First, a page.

Saturday, December 31, 2011

Big Year

This year, I will be attempting my own mini Big Year. As I am not quite old enough to drive, I won't be able to do anything spectacular and I have a tight schedule to fit this in. It's going to be tough but I hope to at least get close ( my drafts so far show about 460). I'll also try to add 50 or so mammals.

It's going to be difficult, but it should be fun!

Matthew Sim

Saturday, December 24, 2011

Winter Killdeer

Last weekend on the Christmas Bird Count, I came across a very photogenic Killdeer. These abundant shorebirds, usually only stay the summer in Calgary, several birds, however, also stay the winter.

Despite our frigid winters, these hardy Killdeer seem to manage all right, we see them throughout the winter which must mean that they are surviving. They are definitely finding food, as can be seen in the photo below.
This Killdeer seemed to be finding enough food
At one point, I even saw this particular bird with a small morsel of food clenched in its beak.

This Killdeer was fearless and approached me; which is quite a nice change as a photographer! It also engaged in the species peculiar method of moving; they run for a few feet, stop, look around, flick their tail up, bob their head up and down a couple times, and then repeat this cycle over again.
Just finished a short run, the Killdeer stops, looks around and...
Bob it's head out of the photo, leaving the photographer with an unusual result but a good story!

Each year, Killdeer are seen wintering in Calgary, somewhere on the Bow River. Though it may seem like a daft idea to many of us, this species obviously are doing just fine!

Merry Christmas!

Thursday, December 22, 2011

This year, I also did the Christmas Bird Count; I was assigned the S1 route, encompassing both Carburn and Southland Park. We started the morning birding from the Eric Harvie bridge in Southland, right beside the dog park, before splitting up, 2 groups going south along the river (one on each side) and 2 groups going north along the river. The day was off to a good start as we observed 2 adult eagles and 2 immature eagles flying low overhead; the rising sun was beautiful, adding to the good beginning and silhouetting the many ducks and geese on the Bow River.

We observed thousands of Mallards, Common Goldeneyes and Canada Geese throughout the day with several hundred Buffleheads as well. There were also several Barrow's Goldeneyes in these waterfowl flocks.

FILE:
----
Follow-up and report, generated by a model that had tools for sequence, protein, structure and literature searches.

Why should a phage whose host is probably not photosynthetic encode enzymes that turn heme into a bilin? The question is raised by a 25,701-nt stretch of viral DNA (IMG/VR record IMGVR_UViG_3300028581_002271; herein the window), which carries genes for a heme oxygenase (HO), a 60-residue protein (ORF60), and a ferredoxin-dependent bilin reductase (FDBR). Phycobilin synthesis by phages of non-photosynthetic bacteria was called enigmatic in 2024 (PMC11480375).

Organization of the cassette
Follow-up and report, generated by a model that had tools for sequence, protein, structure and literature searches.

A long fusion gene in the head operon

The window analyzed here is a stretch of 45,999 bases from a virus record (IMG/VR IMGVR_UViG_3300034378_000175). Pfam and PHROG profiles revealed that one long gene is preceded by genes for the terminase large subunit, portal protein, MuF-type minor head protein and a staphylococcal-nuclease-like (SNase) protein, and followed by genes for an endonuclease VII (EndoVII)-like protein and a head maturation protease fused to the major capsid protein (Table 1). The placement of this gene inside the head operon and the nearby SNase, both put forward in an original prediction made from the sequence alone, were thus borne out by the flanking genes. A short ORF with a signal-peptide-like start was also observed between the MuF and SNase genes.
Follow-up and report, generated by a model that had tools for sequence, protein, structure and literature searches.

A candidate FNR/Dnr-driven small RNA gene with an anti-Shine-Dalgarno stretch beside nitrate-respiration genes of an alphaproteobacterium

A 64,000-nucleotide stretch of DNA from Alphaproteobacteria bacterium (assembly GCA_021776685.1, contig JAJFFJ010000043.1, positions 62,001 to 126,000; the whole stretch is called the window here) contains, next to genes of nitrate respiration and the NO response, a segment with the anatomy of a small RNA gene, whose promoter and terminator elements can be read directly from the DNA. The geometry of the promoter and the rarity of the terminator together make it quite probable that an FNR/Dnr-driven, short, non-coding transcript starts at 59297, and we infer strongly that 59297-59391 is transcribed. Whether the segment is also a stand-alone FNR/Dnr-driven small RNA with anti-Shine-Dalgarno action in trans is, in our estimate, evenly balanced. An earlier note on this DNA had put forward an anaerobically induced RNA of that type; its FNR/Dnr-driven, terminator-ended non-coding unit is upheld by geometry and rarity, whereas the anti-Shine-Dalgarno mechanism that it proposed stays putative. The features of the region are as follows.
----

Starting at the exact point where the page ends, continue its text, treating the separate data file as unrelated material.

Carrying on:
The Common Goldeneyes weren't quite as numerous as the Mallards however they were still present in large numbers.
We continued to walk further down the river, spotting Redpolls, plenty of waterfowl, Killdeer, magpies and... RUSTY BLACKBIRD!!! As we were hiking along the river, we flushed up a brownish-black bird about the size of a Robin from the bank. It landed nearby at the top of a poplar where we all got good looks at it. Unfortunately, the same cannot be said for my photographs of this species! This blackbird, is an unusual bird in Calgary, explaining, perhaps, my excitement at the sighting (also, this was only my second time seeing this species).
We headed back to the meeting spot, the Eric Harvie Bridge, where we saw a Sharp-shinned Hawk and discovered that another group had found an American Wigeon. We then headed to our next stop, Tim Hortons! After warming up and getting refreshments at Tim Hortons, we headed out near the Glenmore bridge, where at a pullout, we walked out and did some more birding, turning up a Killdeer and a Hairy Woodpecker.

The next and final stop for our group was Carburn Park. Our goal at Carburn, was to find an American Pipit  that had been reported here a little while earlier. Though we couldn't agree to the location where this bird had been seen, we did manage to find it. This happens to be the first pipit recorded on the Calgary CBC since its beginning, 59 years ago.
Also in Carburn, we found a pair of Great Horned Owls, that were extremely well camouflaged against the tree branches they were perched on, several more Barrow's Goldeneyes and another juvenile eagle. I decided to head home early and only found out later that the rest of the group had also found a Northern Pintail and a Wood Duck in Carburn. I birded around my neighborhood, which was inside our count circle, and managed to add both species of crossbills, a robin and a Merlin to our list, among other species.
The pipit and the Rusty Blackbird were definitely the highlights of the day for me, however they were only two of the 33 species and 7924 individuals recorded by 10 counters in this particular area. Here are the complete results:

Canada Goose, 1500; Wood Duck, 1; American Wigeon, 1; Mallard, 3000; Northern Pintail, 1; Bufflehead, 150; Common Goldeneye, 2800; Barrow's Goldeneye, 20; Common Merganser, 20; Bald Eagle, 5; Sharp-shinned Hawk, 1; Merlin, 1; Killdeer, 5; Rock Pigeon, 25; Great Horned Owl, 2; Downy Woodpecker, 5; Hairy Woodpecker, 2; Northern Flicker, 3; Black-billed Magpie, 125; American Crow, 3; Common Raven, 12; Red-breasted Nuthatch, 3; White-breasted Nuthatch, 3; American Robin, 1; Dark-eyed Junco, 1; Rusty Blackbird, 1; House Finch, 4; Red Crossbill, 12; White-winged Crossbill, 26; Common Redpoll, 25; House Sparrow, 110; American Pipit, 1;

Tuesday, December 20, 2011

It's good to be back...